The rest of this article is only available to active members of Questia

Already a member? Log in now.

Notes for this article

Add a new note
If you are trying to select text to create highlights or citations, remember that you must now click or tap on the first word, and then click or tap on the last word.
One moment ...
Default project is now your active project.
Project items

Items saved from this article

This article has been saved
Highlights (0)
Some of your highlights are legacy items.

Highlights saved before July 30, 2012 will not be displayed on their respective source pages.

You can easily re-create the highlights by opening the book page or article, selecting the text, and clicking “Highlight.”

Citations (0)
Some of your citations are legacy items.

Any citation created before July 30, 2012 will labeled as a “Cited page.” New citations will be saved as cited passages, pages or articles.

We also added the ability to view new citations from your projects or the book or article where you created them.

Notes (0)
Bookmarks (0)

You have no saved items from this article

Project items include:
  • Saved book/article
  • Highlights
  • Quotes/citations
  • Notes
  • Bookmarks
Notes
Cite this article

Cited article

Style
Citations are available only to our active members.
Buy instant access to cite pages or passages in MLA, APA and Chicago citation styles.

(Einhorn, 1992, p. 25)

(Einhorn 25)

1. Lois J. Einhorn, Abraham Lincoln, the Orator: Penetrating the Lincoln Legend (Westport, CT: Greenwood Press, 1992), 25, http://www.questia.com/read/27419298.

Cited article

In Search of a General Model of Unemployment
Settings

Settings

Typeface
Text size Smaller Larger Reset View mode
Search within

Search within this article

Look up

Look up a word

  • Dictionary
  • Thesaurus
Please submit a word or phrase above.
Print this page

Print this page

Why can't I print more than one page at a time?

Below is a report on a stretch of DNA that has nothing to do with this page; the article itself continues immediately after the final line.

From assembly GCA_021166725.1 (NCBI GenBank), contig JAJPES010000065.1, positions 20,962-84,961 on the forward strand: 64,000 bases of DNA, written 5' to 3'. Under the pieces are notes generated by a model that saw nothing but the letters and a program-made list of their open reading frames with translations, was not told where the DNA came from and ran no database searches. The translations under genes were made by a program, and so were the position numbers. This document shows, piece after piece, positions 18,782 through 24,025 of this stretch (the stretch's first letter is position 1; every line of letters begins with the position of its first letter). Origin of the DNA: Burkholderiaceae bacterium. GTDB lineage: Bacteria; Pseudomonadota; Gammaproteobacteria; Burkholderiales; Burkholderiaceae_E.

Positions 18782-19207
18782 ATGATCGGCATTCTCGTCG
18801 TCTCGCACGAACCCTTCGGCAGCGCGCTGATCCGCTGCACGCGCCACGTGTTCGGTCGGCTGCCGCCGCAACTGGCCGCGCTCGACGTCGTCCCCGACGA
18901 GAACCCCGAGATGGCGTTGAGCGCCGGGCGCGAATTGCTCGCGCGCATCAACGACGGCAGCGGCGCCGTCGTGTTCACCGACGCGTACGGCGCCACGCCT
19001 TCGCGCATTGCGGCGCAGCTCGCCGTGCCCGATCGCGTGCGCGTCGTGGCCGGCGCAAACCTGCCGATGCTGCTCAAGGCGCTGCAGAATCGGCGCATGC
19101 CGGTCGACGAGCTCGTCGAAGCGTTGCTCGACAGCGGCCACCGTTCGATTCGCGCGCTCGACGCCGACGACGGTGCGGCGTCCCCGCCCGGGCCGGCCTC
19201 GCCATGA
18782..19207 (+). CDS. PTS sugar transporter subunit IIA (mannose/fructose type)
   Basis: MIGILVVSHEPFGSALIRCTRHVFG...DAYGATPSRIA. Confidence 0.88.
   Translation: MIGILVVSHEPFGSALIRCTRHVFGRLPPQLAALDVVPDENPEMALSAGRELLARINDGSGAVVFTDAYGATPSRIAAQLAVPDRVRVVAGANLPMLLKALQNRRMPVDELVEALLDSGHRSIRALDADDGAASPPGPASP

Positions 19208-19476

Help
Full screen

matching results for page

    Questia reader help

    How to highlight and cite specific passages

    1. Click or tap the first word you want to select.
    2. Click or tap the last word you want to select, and you’ll see everything in between get selected.
    3. You’ll then get a menu of options like creating a highlight or a citation from that passage of text.

    OK, got it!

    Cited passage

    Style
    Citations are available only to our active members.
    Buy instant access to cite pages or passages in MLA, APA and Chicago citation styles.

    "Portraying himself as an honest, ordinary person helped Lincoln identify with his audiences." (Einhorn, 1992, p. 25).

    "Portraying himself as an honest, ordinary person helped Lincoln identify with his audiences." (Einhorn 25)

    "Portraying himself as an honest, ordinary person helped Lincoln identify with his audiences."1

    1. Lois J. Einhorn, Abraham Lincoln, the Orator: Penetrating the Lincoln Legend (Westport, CT: Greenwood Press, 1992), 25, http://www.questia.com/read/27419298.

    Cited passage

    Thanks for trying Questia!

    Please continue trying out our research tools, but please note, full functionality is available only to our active members.

    Your work will be lost once you leave this Web page.

    Buy instant access to save your work.

    Already a member? Log in now.

    Oops!

    An unknown error has occurred. Please click the button below to reload the page. If the problem persists, please try again in a little while.